There’s been some debate on this blog about the duty of accountants to their clients. A commentator has said:
Tax is an expense and any accountant doing his job properly has an obligation to act in his clients’ best interests to use lawful means to mitigate the tax liability. The accountant cannot pick and choose which lines of expense he is prepared to mitigate.
Your first obligation as a professional is to your client, not your firm, your partners, or even your family. If your client is doing something illegal then it is to law enforcement. That may seem harsh, but it’s the code that’s supposed to insure that lawyers and accountants, for example don’t cut corners out of their own self-interest and to the detriment of their client’s interests.
As I wrote a while back I think both wrong (although the difference is fundamental with the commentator on my blog, one of emphasis I think with Francine). On reflection I think I’d refine what I said in that earlier blog. I’d say an accountant’s duty (whether auditor or tax practitioner) is to act ethically. There are, of course, always going to be varying perceptions of ethics. What is beyond dispute is that the onus in question does, as Francine notes from the US AICPA’s ethical guidance require that:
By accepting membership, a certified public accountant assumes an obligation of self-discipline above and beyond the requirements of laws and regulations.
The Principles call for an unswerving commitment to honorable behavior, even at the sacrifice of personal advantage.
A distinguishing mark of a profession is acceptance of its responsibility to the public. The accounting profession’s public consists of clients, credit grantors, governments, employers, investors, the business and financial community, and others who rely on the objectivity and integrity of certified public accountants to maintain the orderly functioning of commerce. This reliance imposes a public interest responsibility on certified public accountants…In return for the faith that the public reposes in them, members should seek continually to demonstrate their dedication to professional excellence.
Due care requires a member to discharge professional responsibilities with competence and diligence. It imposes the obligation to perform professional services to the best of a member’s ability with concern for the best interest of those for whom the services are performed and consistent with the profession’s responsibility to the public.
This fundamentally contradicts the argument of my commentator who argues that the accountant has a duty to do anything legal, a position also argued by John Cullinane of Deloittes. Quite clearly this is not true. This ethcial code makes that abundantly clear.
Ethically a qualified accountant can refuse to do something legal for any client they wish, at their own liberty. They may do so because:
1) They are not able to do the requested task. No one has to act beyond their own capacity. Indeed they have a duty not to do so.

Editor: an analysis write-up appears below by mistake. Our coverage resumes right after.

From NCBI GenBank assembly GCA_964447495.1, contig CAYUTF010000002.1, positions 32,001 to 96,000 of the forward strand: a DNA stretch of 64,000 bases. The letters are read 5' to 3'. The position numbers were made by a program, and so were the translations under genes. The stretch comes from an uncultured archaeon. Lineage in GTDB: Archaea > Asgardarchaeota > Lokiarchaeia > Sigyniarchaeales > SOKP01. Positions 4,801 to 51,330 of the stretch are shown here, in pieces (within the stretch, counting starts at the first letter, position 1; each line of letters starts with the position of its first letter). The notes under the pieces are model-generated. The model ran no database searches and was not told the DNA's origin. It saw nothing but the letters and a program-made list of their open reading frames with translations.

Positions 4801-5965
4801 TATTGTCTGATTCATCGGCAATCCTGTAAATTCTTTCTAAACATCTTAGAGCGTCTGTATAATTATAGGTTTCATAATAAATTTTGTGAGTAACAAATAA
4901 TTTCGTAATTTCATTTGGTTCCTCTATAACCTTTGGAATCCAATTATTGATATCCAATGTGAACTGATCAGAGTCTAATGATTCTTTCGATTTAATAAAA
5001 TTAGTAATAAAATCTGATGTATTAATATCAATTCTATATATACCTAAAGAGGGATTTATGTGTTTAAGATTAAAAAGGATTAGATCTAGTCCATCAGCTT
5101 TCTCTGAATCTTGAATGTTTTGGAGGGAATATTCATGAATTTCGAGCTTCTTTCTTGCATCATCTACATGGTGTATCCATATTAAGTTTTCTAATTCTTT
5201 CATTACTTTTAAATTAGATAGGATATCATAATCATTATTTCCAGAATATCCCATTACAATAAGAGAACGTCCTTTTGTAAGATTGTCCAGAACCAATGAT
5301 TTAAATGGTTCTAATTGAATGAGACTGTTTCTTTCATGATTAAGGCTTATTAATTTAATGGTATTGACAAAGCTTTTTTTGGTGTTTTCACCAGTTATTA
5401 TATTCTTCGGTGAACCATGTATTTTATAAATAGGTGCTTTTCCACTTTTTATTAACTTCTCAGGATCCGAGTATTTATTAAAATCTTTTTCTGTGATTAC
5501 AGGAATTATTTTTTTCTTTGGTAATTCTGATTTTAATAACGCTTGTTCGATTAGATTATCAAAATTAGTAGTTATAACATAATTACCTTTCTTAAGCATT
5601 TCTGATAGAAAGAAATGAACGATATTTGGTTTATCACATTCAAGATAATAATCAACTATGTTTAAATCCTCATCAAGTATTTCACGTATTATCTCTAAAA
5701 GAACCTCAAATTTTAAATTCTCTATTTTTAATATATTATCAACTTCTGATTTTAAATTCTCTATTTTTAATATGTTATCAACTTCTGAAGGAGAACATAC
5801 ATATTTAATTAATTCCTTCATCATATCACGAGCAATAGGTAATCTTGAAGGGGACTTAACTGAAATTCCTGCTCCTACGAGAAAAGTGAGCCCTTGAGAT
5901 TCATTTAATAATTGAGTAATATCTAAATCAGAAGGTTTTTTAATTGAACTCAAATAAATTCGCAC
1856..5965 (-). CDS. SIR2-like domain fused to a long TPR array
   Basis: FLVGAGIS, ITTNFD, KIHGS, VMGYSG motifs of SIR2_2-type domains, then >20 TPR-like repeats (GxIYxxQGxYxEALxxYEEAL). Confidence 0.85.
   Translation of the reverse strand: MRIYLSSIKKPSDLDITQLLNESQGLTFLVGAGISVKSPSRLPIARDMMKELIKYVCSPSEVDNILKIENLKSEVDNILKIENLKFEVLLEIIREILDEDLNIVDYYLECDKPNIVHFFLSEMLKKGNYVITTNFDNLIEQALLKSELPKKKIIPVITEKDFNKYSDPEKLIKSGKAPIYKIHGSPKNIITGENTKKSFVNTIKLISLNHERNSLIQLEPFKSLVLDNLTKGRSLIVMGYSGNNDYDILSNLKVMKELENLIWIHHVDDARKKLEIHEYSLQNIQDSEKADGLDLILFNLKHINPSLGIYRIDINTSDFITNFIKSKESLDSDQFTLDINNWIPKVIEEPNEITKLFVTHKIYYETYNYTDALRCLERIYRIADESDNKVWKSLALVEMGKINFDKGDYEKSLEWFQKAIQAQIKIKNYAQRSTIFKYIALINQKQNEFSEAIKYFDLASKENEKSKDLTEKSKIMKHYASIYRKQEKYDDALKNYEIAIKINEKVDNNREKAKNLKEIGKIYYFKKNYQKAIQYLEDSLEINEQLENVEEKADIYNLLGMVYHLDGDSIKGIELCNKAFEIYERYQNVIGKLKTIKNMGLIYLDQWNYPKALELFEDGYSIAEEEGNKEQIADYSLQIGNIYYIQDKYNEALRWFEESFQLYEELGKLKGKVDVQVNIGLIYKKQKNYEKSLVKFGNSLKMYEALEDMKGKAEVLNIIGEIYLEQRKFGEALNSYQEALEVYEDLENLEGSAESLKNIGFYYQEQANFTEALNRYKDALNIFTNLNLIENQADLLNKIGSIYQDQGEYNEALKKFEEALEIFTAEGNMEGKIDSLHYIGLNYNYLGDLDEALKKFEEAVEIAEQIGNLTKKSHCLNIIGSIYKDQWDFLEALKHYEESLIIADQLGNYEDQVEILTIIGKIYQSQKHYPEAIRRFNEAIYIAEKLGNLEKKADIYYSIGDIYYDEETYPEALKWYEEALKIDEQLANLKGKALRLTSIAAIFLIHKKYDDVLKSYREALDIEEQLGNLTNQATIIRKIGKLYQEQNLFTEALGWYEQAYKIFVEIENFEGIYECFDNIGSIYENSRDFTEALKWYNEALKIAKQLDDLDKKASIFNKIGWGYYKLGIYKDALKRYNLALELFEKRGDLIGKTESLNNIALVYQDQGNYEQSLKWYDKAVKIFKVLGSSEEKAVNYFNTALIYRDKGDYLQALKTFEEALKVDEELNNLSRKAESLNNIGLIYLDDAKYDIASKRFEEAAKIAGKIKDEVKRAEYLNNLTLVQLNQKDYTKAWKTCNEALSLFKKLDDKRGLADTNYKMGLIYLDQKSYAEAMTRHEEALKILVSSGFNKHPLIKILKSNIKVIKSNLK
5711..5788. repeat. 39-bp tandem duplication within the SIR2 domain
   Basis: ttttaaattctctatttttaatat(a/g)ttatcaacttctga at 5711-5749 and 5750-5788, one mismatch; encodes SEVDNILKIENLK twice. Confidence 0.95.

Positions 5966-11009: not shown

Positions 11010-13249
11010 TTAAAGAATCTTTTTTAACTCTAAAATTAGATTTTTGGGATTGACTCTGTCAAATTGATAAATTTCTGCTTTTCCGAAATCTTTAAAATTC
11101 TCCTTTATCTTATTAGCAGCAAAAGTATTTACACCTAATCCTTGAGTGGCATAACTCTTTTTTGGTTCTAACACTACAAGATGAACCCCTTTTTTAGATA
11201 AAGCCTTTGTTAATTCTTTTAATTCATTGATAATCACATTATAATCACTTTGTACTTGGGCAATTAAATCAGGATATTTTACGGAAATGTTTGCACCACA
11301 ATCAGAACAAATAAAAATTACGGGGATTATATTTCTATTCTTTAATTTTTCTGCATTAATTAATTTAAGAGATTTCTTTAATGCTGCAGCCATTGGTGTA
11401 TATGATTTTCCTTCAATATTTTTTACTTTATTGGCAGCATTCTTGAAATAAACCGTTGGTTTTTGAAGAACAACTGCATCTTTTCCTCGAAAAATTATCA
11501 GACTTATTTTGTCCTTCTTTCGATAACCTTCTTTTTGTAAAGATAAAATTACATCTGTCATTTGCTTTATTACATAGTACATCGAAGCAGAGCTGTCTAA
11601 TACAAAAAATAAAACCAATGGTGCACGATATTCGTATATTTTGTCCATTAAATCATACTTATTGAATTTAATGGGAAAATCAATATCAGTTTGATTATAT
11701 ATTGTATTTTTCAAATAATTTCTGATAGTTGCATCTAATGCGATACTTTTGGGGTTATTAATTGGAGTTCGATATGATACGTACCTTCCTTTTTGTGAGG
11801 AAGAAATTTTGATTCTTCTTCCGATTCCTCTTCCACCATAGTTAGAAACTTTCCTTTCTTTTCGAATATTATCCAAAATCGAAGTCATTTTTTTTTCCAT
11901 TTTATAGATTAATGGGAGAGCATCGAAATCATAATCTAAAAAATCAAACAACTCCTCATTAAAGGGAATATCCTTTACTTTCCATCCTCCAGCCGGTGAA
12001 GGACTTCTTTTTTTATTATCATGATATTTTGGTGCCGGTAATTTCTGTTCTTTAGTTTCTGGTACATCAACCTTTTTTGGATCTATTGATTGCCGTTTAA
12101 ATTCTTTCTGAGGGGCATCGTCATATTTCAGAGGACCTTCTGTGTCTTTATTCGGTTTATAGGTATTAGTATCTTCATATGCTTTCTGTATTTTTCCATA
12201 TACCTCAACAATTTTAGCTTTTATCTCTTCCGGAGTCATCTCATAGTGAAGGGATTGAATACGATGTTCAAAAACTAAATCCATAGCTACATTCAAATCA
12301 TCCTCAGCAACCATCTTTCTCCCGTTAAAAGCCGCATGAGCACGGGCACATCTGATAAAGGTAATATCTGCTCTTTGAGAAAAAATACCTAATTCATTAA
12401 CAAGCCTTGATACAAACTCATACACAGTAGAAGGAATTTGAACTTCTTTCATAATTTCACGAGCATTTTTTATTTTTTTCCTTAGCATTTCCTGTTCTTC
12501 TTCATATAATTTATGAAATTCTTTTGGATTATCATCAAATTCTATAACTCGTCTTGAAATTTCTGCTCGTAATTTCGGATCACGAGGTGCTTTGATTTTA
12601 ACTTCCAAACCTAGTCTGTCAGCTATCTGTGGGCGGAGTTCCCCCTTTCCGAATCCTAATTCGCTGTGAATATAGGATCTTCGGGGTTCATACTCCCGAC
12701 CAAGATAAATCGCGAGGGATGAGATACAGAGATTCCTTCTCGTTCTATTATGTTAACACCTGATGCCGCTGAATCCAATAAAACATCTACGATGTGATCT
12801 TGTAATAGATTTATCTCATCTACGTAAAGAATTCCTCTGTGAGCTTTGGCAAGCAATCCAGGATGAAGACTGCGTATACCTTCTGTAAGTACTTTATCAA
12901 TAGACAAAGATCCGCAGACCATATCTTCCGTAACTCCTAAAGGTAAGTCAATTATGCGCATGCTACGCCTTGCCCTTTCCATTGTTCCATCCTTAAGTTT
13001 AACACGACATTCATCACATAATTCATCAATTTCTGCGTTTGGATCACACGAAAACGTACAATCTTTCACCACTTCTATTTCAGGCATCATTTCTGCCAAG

2) They do not wish to do so. I can pick and choose who I wish to work for. There is no obligation on an accountant to work for anyone.
3) I do not approve of what the client wishes to do, even if it is legal. There are numerous reasons why I would wish to do this – and have done this.
4) I think what the client wishes to do is anti-social, unethical, fraudulent without breaking the law, in breach of the good faith the public should have in an accountant, likely to lead me into disrepute, or my firm into disrepute or my other clients into disrepute.
I am under no obligation in such circumstance than to simply decline to act. If the client has done nothing wrong I am under no obligation to report them for any misconduct to anyone. But to say I have a duty to tell them about behaviour I consider unacceptable is plain straightforwardly wrong. No one can make me do that. Indeed, professional ethics require that I do not do that. If more accountants had stood up for their principles we would be much better off.
But let’s also go a little further than this. I also completely refute that I am obliged to tell my clients in detail about all options available to them and then act on their instruction even if I do not approve of it. I would entirely accept that I must not hide facts from them. In other words, and to use the example as my commentator did of the non-domiciled person, I must not tell such a person of their option of claiming that status, and that this might under the law as currently constructed afford them tax advantages. But if they chose to make that claim there is nothing at all that requires me to pursue it for them or secure that advantage. I may always invite them to go elsewhere. I can even say why. I might lose a fee as a result: that is the price of ethics. All accountants should be willing to forego fees for this reason. If they have not there is something seriously wrong with their practice, I venture.